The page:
Growing up homeless in and around Seattle, Washington helped Santii Estrella grasp what vulnerable youth most need in order to find stable housing when they become adults: compassionate guidance, and the wisdom of someone who knows such struggles firsthand.
Similar insights came early on to DeeAnna Deerwester of the eastern Washington town of Newport, whose parents took in teens who’d been kicked out, or had run away. That knowledge deepened when she found herself sleeping on friends’ couches as a young adult because she couldn’t afford her state’s soaring rents.
Estrella, 22, and Deerwester, 21, are among the young people who know exactly what it’s like to have nowhere to sleep, to fear the nighttime hours, and to face the uncertainty of relying on strangers. Forty such advisors have helped leaders of Washington state’s Office of Homeless Youth decide how to spend vital grant funding for local service agencies. They join a growing number of young people hired for jobs where life experiences and insights are valued and sought out — matching the services they provide.
“It’s really hard to get someone who is homeless to relate to you,” Estrella said, “if you’ve never been homeless.”
Hope and friendship
The tent city where Estrella once lived with his mother and six siblings in Seattle is now a community of tiny houses called Othello Village. When he lived there as a young teen, Estrella worried about his younger siblings’ safety, and their exposure to people using drugs like heroin and crystal methamphetamine. It was not a good place for children, he said, and through his work now, he hopes to help families avoid that kind of environment whenever possible.
Like most who experience homelessness, Estrella’s story is complex. His family sometimes received public assistance, he said, but his mother’s mental health challenges made it hard for her to make good decisions. She also did not like accepting government support, Estrella said, and they once lost their Section 8 housing because she wanted to work to support her kids entirely on her own.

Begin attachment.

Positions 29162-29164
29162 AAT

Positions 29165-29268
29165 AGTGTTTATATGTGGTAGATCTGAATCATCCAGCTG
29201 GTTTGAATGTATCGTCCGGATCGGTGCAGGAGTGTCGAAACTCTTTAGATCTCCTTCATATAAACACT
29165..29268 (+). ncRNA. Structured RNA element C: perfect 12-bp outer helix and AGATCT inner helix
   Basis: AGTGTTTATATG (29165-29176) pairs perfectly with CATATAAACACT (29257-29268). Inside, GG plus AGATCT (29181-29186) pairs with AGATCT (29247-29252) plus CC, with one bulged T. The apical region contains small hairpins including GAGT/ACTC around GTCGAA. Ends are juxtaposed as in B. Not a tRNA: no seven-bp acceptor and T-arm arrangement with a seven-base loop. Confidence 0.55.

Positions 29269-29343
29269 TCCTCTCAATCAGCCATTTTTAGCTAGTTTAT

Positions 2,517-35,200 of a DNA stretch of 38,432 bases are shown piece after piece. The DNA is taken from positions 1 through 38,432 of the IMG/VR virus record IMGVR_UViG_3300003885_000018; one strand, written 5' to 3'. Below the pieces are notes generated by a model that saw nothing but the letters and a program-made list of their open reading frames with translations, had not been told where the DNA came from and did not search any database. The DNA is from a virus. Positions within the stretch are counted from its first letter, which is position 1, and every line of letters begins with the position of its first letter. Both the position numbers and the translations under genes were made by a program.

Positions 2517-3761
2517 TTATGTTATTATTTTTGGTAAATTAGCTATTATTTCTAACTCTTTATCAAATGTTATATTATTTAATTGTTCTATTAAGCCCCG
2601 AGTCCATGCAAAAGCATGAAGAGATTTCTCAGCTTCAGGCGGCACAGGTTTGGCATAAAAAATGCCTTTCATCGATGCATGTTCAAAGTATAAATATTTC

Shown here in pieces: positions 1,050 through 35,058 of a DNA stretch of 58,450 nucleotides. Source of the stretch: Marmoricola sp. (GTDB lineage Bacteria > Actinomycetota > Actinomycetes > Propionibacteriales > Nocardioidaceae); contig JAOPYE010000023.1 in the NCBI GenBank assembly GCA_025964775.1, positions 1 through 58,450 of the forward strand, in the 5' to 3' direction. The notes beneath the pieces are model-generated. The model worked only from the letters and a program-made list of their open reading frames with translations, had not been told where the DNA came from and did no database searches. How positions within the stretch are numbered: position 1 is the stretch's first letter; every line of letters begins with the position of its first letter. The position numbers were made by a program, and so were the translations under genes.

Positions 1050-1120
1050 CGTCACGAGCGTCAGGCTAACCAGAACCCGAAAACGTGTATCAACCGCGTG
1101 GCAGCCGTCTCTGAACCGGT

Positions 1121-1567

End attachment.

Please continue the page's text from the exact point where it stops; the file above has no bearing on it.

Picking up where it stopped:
Estrella is thankful he had brothers and sisters to buffer some of the harder childhood experiences he endured.
Yet an estimated 13,000 to 15,000 youth and young adults in his state survive homelessness on their own each year, reports A Way Home Washington, a nonprofit working to prevent youth homelessness.
That’s part of what Estrella is focused on for his new job as a systems advocate for the King County Regional Homeless Authority. In this post, he relies on his experiences to connect with people needing help now — people like his mom, and his brothers and sisters.
There are currently 25 staff on the regional homeless authority’ systems advocates team, all of whom have lived experiences. It’s a key qualification the agency seeks in its applicants for the systems advocacy team — positions like the one Estrella now holds.
People who have transitioned out of homelessness know the barriers and how to navigate them, said spokesperson for the authority Anne Martens.
Another goal? Providing hope and friendship, she added, and showing those they serve that “homelessness does not have to be the defining characteristic of your life.”
‘Missing pieces of the puzzle’
The 40 young adults who worked on the spending plan for the Office of Homeless Youth — a division of the Department of Commerce — made their funding choices during a statewide conference last spring. At the two-day Youth for Youth 2022 Conference, held in the city of SeaTac, participants ages 16 to 24 played music, danced, and created art before diving into the funding proposals. Many of the youth — who have all been homelessness at least once — received a stipend for their contributions.